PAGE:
Eating with others can feel very overwhelming when suffering from an eating disorder.
Eating disorders are secretive and isolating illnesses and eating with others – even those you love and who love you – can be shaming, embarrassing, stressful or annoying. On the flip side, family and friends may unintentionally increase the stress and anxiety by trying to help in a way that is actually not that supportive. Additionally, loved ones may get frustrated or bored with your eating disorder frequently joining the dinner party!
However, eating socially; with family, friends, your kids or even in our breakfast and lunch food groups can play a vital part by not allowing the eating disorder win. Eating socially can:
- Re-educate you on normal portions and food combinations and well behaviours
- Show you that the act of eating is not shameful or wrong or a failure
- Help keep you safe when you are fearful of eating or changing or diet
- Actually push the eating disorder anxiety aside by proving that you can eat and have a nice conversation or learn something from someone else
Eventually, social eating can become a place to share experiences, stories and humour that can help you discover who you are and what you love about life.
Eating socially is not just about eating main meals at a dinner table. It can include eating popcorn in the cinema or snacking on crisps at a party or sharing a chocolate while walking down the street! These experiences are a part of what makes life colourful and enjoyable. Yet, they can be even more challenging than eating set meals with your family. It is important to not distance yourself from these experiences as well.
Hopefully the tips below will help break down some of the boring barriers to social eating.
Tips for Eating with Others:
- Don’t hide your food in a deep bowl or take away container – hiding food is just another way of avoiding eating with others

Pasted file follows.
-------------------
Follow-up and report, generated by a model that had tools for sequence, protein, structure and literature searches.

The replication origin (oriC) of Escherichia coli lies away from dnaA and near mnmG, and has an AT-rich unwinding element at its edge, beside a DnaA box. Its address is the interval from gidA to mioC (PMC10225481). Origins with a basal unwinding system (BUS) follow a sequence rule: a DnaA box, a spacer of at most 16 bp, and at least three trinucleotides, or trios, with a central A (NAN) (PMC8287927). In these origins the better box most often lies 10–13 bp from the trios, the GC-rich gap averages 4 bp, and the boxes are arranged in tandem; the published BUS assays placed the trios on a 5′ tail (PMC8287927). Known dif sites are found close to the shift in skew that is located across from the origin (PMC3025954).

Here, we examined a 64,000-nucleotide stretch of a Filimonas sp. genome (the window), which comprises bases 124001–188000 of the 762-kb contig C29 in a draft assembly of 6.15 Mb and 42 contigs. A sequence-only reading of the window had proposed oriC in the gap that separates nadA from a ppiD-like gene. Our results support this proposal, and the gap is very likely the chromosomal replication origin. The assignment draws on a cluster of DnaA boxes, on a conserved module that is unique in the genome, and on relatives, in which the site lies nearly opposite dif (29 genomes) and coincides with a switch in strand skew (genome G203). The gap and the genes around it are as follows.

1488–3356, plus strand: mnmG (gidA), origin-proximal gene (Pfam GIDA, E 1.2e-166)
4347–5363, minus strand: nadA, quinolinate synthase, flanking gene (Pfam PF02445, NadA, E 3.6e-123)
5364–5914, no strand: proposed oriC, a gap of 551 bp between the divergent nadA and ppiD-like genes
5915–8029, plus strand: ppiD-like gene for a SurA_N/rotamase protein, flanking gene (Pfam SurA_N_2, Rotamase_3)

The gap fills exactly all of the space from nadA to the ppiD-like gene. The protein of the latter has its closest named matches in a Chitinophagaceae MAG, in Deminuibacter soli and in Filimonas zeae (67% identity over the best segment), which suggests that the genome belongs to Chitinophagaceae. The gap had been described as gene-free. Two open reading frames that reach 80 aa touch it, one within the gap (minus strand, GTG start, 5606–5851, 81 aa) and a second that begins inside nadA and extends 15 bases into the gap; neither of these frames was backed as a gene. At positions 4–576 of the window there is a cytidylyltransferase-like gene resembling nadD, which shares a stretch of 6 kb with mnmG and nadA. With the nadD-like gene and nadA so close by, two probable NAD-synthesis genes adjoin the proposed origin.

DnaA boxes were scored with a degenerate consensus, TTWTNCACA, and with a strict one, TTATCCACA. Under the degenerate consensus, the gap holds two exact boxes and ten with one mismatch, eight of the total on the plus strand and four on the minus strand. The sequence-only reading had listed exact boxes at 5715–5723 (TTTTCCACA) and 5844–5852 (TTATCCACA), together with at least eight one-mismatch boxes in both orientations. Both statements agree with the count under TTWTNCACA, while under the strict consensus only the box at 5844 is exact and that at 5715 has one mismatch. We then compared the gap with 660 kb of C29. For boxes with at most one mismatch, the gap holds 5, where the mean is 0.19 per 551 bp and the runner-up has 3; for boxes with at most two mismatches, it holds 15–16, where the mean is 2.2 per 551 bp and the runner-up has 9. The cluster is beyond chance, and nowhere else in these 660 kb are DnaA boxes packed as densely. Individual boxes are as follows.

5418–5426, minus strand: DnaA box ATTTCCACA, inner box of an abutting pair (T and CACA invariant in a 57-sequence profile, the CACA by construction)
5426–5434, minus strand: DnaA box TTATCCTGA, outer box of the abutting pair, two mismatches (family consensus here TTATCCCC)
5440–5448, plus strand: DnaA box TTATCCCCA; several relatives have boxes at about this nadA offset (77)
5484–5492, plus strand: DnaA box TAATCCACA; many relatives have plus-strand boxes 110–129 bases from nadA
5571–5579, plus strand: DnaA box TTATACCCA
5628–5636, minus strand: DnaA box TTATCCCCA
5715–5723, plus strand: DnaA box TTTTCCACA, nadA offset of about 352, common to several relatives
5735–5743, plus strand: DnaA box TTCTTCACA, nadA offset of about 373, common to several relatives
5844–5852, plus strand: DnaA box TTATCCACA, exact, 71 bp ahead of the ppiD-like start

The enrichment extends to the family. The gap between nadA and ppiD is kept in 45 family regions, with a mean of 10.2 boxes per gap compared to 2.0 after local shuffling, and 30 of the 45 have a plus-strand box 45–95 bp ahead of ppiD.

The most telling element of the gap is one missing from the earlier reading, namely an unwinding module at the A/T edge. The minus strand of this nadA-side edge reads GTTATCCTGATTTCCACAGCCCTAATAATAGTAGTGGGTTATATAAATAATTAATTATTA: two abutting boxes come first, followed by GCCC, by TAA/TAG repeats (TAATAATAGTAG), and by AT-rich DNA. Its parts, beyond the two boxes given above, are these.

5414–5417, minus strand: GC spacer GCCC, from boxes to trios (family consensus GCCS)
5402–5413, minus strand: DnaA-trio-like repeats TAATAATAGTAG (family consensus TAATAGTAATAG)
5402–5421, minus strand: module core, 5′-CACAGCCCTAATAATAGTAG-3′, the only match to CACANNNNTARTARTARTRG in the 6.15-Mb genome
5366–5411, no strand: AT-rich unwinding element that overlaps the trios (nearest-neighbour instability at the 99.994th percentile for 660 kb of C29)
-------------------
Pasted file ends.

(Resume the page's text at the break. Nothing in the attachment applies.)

- Instead, be open about how much you are going to eat and what you are OK about eating
- Don’t talk about the food – either your food or other’s food or food / diets / food programmes on TV in general. Talk about other things that interest you or even listen to the radio or music if talking does not feel that comfortable.
- Look at people in the eye when they talk and don’t stare at what you or others are eating
- Try not to compare your food or eating to others
Tips for Family and Friends:
- Don’t talk about the food
- Don’t tell the person with an eating disorder what they should or should not be eating. Or how much/little they should be eating
- Do not give nutritional advice and NEVER talk about diets or unwell behaviours. The ill client does not need to know what exercise you are doing at the gym or that you only like to buy organic foods!
- If the person with an eating disorder is not eating what you want her to / or in the way you want her to, then save that conversation for another time
- Don’t look at the ill client’s food or plate. Look at them in the eye when they talk
- Keep the conversation light and joyful
Finally remember that every ill person is an individual with an individual eating disorder. Their needs may change over time. For example the ill client may need you to eat what she eats to feel safe. Yet after a while, she may want more independence – recognise this, and, as much as possible, go with it.